Is there more to life than work?
Are our identities totally subsumed in our job titles and ranking within our companies’ social hierarchies?
Of course, through work we can find meaning and purpose. We feel useful knowing that we are effectively contributing to the smooth functioning of society.
However, we must ask, has our obsession with efficiency and productivity gone too far. In modern societies, we are seeing rising rates of anxiety and worker burnout. In a digital world, the boundary lines between work and home life begins to disappear.
Paradoxically, as ‘busyness’ has become some what of a status symbol, those in the higher economic and social classes are not those who live lives of leisure, but rather who are completely consumed by their jobs.
In this series I want to discuss the philosophical dimension of work and leisure. For my older readers, don’t fret, I am not promoting a lifestyle of laziness or complacency. Hard work is important and should be valued.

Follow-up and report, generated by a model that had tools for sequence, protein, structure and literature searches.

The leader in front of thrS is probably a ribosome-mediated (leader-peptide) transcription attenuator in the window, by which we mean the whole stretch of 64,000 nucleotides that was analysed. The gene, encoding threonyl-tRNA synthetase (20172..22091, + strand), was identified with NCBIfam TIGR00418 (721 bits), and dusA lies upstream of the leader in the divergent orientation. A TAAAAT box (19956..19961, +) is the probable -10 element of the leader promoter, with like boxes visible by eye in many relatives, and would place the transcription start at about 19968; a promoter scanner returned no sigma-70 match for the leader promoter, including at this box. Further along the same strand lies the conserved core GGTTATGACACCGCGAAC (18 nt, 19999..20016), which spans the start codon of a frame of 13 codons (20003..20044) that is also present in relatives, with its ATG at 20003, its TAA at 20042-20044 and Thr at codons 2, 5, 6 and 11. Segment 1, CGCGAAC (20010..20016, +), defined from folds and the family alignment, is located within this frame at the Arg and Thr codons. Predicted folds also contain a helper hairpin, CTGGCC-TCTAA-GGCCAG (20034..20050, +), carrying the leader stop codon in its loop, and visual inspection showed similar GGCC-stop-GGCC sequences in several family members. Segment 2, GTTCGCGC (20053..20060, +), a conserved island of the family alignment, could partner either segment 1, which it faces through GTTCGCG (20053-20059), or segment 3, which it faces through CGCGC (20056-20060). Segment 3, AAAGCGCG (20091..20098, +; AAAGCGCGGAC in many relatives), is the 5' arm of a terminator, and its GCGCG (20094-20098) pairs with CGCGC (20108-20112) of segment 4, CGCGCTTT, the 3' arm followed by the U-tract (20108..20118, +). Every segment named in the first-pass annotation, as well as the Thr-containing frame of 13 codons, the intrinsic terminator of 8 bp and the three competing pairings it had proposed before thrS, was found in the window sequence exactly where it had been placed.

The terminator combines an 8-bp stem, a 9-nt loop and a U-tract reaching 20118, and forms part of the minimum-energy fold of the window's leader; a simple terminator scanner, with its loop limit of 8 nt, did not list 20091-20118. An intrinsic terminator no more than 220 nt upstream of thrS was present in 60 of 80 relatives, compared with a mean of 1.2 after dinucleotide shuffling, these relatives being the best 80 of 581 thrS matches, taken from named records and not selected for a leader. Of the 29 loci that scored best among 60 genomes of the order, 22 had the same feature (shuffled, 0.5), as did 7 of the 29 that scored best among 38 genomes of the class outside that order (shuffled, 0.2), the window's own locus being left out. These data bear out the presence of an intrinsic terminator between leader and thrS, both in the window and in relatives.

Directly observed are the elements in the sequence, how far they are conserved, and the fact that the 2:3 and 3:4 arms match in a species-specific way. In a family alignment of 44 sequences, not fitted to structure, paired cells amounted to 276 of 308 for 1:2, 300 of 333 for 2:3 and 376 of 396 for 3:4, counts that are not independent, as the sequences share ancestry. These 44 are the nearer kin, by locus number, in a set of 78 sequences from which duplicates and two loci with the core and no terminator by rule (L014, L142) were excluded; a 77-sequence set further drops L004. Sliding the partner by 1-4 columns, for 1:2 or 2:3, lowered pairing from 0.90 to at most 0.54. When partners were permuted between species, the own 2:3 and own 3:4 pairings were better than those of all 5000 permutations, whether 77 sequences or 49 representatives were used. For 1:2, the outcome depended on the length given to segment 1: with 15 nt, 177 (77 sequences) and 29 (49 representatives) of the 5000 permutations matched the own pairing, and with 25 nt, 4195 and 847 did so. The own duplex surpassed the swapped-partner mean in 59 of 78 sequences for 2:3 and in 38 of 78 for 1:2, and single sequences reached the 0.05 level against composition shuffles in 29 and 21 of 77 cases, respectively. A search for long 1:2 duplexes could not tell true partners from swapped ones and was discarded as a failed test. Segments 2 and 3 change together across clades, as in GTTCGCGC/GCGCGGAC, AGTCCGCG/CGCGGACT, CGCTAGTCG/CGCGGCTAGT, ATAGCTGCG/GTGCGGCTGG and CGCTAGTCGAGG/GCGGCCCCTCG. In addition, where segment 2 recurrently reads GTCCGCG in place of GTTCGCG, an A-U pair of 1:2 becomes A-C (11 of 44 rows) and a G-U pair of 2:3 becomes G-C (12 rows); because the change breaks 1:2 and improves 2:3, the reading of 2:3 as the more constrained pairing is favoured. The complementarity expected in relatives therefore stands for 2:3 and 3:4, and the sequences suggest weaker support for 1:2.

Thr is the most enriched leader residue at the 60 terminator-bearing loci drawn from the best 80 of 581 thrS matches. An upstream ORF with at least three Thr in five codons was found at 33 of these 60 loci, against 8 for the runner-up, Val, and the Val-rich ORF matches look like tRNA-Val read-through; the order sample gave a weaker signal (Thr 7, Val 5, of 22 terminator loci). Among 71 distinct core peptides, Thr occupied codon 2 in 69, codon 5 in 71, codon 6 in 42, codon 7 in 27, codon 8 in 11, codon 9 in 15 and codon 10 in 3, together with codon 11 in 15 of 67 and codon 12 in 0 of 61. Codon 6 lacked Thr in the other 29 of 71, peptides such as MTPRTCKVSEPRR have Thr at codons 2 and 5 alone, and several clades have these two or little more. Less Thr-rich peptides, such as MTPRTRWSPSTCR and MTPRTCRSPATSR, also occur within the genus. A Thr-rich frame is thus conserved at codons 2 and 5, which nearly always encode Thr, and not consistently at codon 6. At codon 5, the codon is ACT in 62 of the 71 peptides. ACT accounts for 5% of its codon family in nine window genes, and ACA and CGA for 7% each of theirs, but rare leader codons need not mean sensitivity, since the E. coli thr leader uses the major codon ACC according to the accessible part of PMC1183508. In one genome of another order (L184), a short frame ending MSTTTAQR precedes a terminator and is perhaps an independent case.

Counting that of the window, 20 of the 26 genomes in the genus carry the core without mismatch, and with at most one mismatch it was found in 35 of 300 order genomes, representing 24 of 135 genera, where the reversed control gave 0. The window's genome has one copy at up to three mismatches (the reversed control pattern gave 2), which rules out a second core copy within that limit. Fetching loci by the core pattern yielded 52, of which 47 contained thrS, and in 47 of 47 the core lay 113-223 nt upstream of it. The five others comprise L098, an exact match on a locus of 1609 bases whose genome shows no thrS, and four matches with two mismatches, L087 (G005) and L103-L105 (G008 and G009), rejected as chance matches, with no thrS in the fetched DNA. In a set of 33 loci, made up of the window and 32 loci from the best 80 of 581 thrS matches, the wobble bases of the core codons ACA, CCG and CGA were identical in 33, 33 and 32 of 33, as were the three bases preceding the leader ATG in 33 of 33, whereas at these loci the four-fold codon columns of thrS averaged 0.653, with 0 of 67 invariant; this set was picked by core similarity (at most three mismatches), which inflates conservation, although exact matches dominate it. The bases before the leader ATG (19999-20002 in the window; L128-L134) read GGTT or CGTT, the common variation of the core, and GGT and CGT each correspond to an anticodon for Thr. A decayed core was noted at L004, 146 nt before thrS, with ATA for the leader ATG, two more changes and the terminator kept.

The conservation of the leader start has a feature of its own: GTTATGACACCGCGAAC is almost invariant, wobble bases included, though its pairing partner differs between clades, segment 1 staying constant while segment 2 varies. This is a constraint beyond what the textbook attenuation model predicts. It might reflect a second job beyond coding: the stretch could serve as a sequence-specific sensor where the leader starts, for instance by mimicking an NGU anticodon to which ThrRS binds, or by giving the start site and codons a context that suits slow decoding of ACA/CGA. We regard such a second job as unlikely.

Nonetheless, my argument is that we need to reclaim a life outside of our professional occupations. A culture’s obsession with work poses the risk of losing the richness and beauty that the world can offer. Further, an individual who lacks an interior life of meaning and purpose, can slowly fall into the trap of hedonistic consumerism – caught in the treadmill of living exclusively for the purposes of working and consuming.
The psychologist Erich Fromm put it bluntly as he observed that modern individuals,
have little interest (or at least consciously) in philosophical or religious questions such as why one lives, and why is one going in one direction rather than another. They have big ever-changing egos, but none has a self, a core, a sense of identity.Erich Fromm, To Have or to Be
In this series I want to look at the aspects of human existence that we have lost, and explore how they can be reclaimed. Some of the topics I will be looking at include:
- Status anxiety and our identities beyond our job titles
- The value of doing things for intrinsic rather than instrumental value
- A review of Josef Pieper’s essay Leisure the Basis of Culture
- A look at value beyond the confines of the market
Hope you find this series of interest, and a gentle reminder to cultivate a greater work-life balance.
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